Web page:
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Off the Record is a Strong Debut From a New Playwright

Airport Bathrooms and Senators Make for Engaging Story



On the set for Boise Contemporary Theater's new play, Off the Record, a glaring fluorescent tube sways over a small interrogation space peppered with dated furniture. At first glance, it's hard to imagine slogging through a two-hour, two-character production in such a depressing setting. But thankfully, first-time playwright (and frequent Idaho Shakespeare Festival actress) Lynn Allison's smart dialogue transforms the bleak environment into a canvas on which her characters explore regret, long-harbored secrets and, ultimately, identity.

The plot should be familiar to most Idahoans. A senior Republican senator gets busted soliciting sex in an airport men's room. On a pitch-black stage, with the muted sounds of airplane takeoffs and toilets flushing in the background, you hear a soft tap, tap, tap. Giggles ripple through the audience. Then again: tap, tap, tap. And suddenly the toilet tap dancer is hauled into an interrogation room for questioning. But that's where the story takes a sharp turn.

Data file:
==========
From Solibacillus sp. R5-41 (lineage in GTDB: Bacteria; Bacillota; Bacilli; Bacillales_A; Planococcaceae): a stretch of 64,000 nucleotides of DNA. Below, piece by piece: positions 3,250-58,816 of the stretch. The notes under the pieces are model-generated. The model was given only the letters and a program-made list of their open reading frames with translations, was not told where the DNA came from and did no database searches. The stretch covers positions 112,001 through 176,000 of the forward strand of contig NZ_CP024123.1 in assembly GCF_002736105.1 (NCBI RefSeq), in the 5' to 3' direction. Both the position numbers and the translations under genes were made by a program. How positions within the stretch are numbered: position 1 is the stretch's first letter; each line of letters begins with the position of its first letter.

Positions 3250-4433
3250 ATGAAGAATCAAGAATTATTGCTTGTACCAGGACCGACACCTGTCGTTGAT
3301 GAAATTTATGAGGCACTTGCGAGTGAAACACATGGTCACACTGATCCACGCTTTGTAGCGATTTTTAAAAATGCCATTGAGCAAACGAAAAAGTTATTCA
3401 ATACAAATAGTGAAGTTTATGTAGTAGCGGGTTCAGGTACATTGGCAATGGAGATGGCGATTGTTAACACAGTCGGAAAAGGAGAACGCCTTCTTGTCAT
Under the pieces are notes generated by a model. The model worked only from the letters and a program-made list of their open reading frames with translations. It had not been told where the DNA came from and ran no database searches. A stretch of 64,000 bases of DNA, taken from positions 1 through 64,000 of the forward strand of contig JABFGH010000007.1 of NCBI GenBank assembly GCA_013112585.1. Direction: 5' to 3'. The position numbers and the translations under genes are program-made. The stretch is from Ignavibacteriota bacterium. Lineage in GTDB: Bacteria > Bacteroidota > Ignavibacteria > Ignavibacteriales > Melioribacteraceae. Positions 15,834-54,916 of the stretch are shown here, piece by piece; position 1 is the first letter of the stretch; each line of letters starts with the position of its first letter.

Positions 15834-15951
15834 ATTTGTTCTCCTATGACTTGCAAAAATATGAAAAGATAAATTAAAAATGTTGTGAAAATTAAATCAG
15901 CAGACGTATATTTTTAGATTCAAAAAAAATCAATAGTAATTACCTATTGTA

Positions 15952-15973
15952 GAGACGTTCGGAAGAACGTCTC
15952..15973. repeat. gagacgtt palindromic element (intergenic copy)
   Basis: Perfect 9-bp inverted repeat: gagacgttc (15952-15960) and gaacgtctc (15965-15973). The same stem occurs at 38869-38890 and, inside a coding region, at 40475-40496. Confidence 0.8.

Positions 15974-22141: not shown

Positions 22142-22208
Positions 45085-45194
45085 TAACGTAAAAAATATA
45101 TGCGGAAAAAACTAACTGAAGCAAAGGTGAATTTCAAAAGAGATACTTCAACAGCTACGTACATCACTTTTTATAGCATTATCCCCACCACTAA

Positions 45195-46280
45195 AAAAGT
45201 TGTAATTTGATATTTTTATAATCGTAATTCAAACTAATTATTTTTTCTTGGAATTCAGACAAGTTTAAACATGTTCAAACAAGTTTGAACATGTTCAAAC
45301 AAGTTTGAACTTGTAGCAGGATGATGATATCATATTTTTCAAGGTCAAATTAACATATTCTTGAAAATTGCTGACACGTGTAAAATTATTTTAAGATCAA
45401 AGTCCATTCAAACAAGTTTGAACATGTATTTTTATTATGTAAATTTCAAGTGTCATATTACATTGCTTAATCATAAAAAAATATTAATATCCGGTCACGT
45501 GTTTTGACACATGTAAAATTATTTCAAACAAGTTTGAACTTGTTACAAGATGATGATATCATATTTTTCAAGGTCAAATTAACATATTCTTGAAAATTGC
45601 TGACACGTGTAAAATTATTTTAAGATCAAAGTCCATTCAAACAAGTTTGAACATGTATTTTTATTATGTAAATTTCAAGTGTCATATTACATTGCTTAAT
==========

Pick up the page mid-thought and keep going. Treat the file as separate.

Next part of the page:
Allison's play is undoubtedly inspired by the Larry Craig debacle, but ultimately, it's not the same story. Sen. John Michael Goodwin, played by Stephen C. Bradbury, is a charming older man who throws his weight around with a smile and a flash of his business card. Officer Joe Mahoney, played by Matthew Cameron Clark, is a petulant wash-up who wields his authority like a loaded gun. There's no doubt from the first tense moments that these two will butt heads.

I didn't expect to find sympathy in Goodwin--a high-power hypocrite living a lie among his family and constituents--but Bradbury played the role flawlessly, with nuance and fragility. When Goodwin staggers to a bench, loosening his tie and gasping for air--shaking and pleading for "a warning or something"--you can feel the weight of public shame closing in on him. Unfortunately, Clark doesn't lend Mahoney that same nuance or sympathy. He plays up Mahoney's unyielding righteousness--"You D.C. guys make the rules, you break the rules, you change the rules"--but when the script calls for softer, more-confessional moments, Clark doesn't rein it in. Though that generally works to the play's disadvantage, Clark shines for a brief moment when bellowing out a rendition of "America the Beautiful"--Goodwin's cellphone ring tone and a recurring motif throughout the play.

Allison's Off the Record is not just a commendable debut, it holds its own next to efforts by much more seasoned playwrights. And though the subject matter might seem overly familiar, it's given a fresh veneer through Allison's insightful, and surprisingly timely, lens.

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